Microsoft’s Accidental Update Crashes Phones And Computers, Here’s What You Should Do Right Away

According to a report by MSPowerUser, Microsoft accidentally rolled out the Windows 10 build 16212 for x86 PCs and phones running Windows 10.

The said internal update, released for Windows Insiders, is known to contain bugs and broken things that might cause people’s computer to experience crashes and run into a boot loop. In the case of mobile devices, the update might end up bricking them.

Also Read: Rise of ARM: First Windows 10 PC Running Snapdragon 835 Chip Demonstrated By Microsoft And Qualcomm

Other than Slow, Fast, and Release Preview rings, the internal build, which wasn’t meant to be released, is also known to have reached the Windows 10 devices of some regular users who don’t have any connection with the Insider Program.

Dona Sarkar, head of the Windows Insider program, sincerely confirmed the unwanted release of BUILD 16212 in a tweet and urged users to refrain from updating their PCs and phones.

Later, Sakar detailed the issue in a blog post. “This happened because an inadvertent deployment to the engineering system that controls which builds/which rings to push out to insiders,” she wrote.

According to Sarkar, Microsoft has fixed their mistakes and their analysis “shows only a small portion of folks got these builds.”

How to prevent your computer from updating?

We are aware of Windows 10’s stubbornness while downloading updates. So, it’s advised to put your device on flight mode to prevent the automatic download until Microsoft pulls off Build 16212 from their servers.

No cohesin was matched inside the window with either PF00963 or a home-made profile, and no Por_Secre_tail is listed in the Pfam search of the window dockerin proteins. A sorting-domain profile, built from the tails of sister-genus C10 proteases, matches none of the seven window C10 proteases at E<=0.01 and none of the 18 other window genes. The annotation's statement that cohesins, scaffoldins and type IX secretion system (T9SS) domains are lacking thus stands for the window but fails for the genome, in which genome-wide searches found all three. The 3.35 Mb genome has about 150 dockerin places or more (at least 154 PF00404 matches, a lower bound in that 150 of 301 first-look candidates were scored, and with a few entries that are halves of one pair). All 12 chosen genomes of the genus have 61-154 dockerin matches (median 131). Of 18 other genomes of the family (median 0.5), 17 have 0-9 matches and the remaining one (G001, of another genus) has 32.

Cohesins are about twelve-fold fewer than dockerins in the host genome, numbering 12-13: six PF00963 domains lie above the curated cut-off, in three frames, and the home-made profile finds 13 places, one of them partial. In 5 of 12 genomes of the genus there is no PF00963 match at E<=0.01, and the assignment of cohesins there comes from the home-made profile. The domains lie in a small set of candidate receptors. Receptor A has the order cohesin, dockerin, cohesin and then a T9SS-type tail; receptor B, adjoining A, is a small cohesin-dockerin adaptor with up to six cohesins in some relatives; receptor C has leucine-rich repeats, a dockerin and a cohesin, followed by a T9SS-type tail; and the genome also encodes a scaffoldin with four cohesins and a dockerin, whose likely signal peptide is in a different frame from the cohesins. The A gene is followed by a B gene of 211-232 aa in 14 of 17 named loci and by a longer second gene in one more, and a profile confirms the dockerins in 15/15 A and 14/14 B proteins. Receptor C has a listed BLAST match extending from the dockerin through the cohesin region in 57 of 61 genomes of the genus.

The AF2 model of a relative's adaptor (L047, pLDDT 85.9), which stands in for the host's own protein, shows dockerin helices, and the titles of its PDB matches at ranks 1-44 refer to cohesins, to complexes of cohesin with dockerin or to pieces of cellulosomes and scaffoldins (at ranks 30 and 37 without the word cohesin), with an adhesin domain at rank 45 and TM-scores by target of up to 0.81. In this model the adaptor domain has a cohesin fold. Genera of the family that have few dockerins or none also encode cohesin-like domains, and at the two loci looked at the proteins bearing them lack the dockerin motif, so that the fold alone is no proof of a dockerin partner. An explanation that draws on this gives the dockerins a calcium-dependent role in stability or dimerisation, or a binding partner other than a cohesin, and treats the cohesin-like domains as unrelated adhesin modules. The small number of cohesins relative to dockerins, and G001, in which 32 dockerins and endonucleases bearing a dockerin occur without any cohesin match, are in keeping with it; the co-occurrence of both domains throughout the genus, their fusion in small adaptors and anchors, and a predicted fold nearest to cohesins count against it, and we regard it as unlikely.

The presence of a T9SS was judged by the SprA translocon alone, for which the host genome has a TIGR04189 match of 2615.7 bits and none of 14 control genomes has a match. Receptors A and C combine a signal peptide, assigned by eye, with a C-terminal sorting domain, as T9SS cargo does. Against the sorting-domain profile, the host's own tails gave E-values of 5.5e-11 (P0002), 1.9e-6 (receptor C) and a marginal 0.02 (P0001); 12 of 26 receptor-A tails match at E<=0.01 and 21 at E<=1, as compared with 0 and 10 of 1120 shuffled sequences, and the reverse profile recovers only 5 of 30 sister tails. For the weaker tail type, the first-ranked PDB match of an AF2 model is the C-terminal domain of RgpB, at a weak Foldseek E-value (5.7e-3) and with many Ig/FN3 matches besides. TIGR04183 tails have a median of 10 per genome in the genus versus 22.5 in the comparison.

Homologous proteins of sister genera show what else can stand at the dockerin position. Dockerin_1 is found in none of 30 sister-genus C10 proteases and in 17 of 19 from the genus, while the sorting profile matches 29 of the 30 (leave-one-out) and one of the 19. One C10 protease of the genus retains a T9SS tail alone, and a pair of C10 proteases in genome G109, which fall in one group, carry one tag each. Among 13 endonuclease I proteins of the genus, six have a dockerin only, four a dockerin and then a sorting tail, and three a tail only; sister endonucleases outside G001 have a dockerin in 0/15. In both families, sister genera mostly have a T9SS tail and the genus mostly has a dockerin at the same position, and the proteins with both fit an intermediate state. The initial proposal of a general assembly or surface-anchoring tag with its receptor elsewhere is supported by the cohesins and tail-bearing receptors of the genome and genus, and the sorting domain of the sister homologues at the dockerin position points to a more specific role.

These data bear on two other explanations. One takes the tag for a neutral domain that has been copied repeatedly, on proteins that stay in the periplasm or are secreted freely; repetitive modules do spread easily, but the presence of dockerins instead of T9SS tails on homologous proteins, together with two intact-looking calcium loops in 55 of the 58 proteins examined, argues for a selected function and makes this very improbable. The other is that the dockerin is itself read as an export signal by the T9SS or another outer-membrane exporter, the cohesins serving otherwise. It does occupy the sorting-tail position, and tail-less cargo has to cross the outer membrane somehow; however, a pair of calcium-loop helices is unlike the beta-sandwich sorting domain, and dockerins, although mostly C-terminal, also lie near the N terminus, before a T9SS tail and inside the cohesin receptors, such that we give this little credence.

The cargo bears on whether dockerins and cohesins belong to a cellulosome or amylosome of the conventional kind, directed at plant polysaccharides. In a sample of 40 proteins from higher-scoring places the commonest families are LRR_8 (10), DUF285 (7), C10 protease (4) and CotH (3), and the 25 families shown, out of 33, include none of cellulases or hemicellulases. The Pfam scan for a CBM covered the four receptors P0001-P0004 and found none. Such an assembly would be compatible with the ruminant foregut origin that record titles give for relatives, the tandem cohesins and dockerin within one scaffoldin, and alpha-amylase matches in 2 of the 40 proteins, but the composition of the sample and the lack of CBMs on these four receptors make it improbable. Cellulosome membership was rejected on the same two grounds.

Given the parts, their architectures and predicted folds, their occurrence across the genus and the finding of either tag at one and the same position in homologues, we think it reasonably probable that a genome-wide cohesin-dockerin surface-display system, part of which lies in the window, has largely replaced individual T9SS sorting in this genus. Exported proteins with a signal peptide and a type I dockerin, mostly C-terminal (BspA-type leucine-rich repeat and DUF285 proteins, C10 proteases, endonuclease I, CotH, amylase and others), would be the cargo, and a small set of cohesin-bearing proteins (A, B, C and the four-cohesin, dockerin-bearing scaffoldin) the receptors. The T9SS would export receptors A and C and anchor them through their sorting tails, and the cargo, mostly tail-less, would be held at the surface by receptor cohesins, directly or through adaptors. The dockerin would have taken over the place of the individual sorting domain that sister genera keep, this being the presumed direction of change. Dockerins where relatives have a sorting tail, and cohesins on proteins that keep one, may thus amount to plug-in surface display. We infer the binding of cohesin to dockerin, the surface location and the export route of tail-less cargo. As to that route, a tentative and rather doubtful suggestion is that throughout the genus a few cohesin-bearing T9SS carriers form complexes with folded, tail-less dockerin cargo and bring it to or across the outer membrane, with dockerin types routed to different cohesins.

If your device has downloaded the update but it is yet to be installed, you can change the active hours to delay the update.

What if your PC is already updated?

As known to most Insiders, Windows Data Recovery Tool can be used to get out of this mess. Also, users can roll-back to previous Insider builds via Settings > Update & Security > Recovery. There is a 10-day window to make the roll back, and it won’t work if you have deleted Windows installation files using the Disk Cleanup tool.

Alternatively, you can wait until Microsoft releases another build which won’t be happening for any of the rings in this week.

“We apologize for this inconvenience and thank you for being a Windows Insider! We will keep you updated on when we plan to release new builds to you next week. We will not be releasing new builds to any of the rings this week,” Sarkar wrote.

Please read the blog post for instructions regarding mobile devices.

Got something to add? Drop your thoughts and feedback.

Also Read: Switch To Bing Search, Because Microsoft Is “Paying You To Use It”

Similar Posts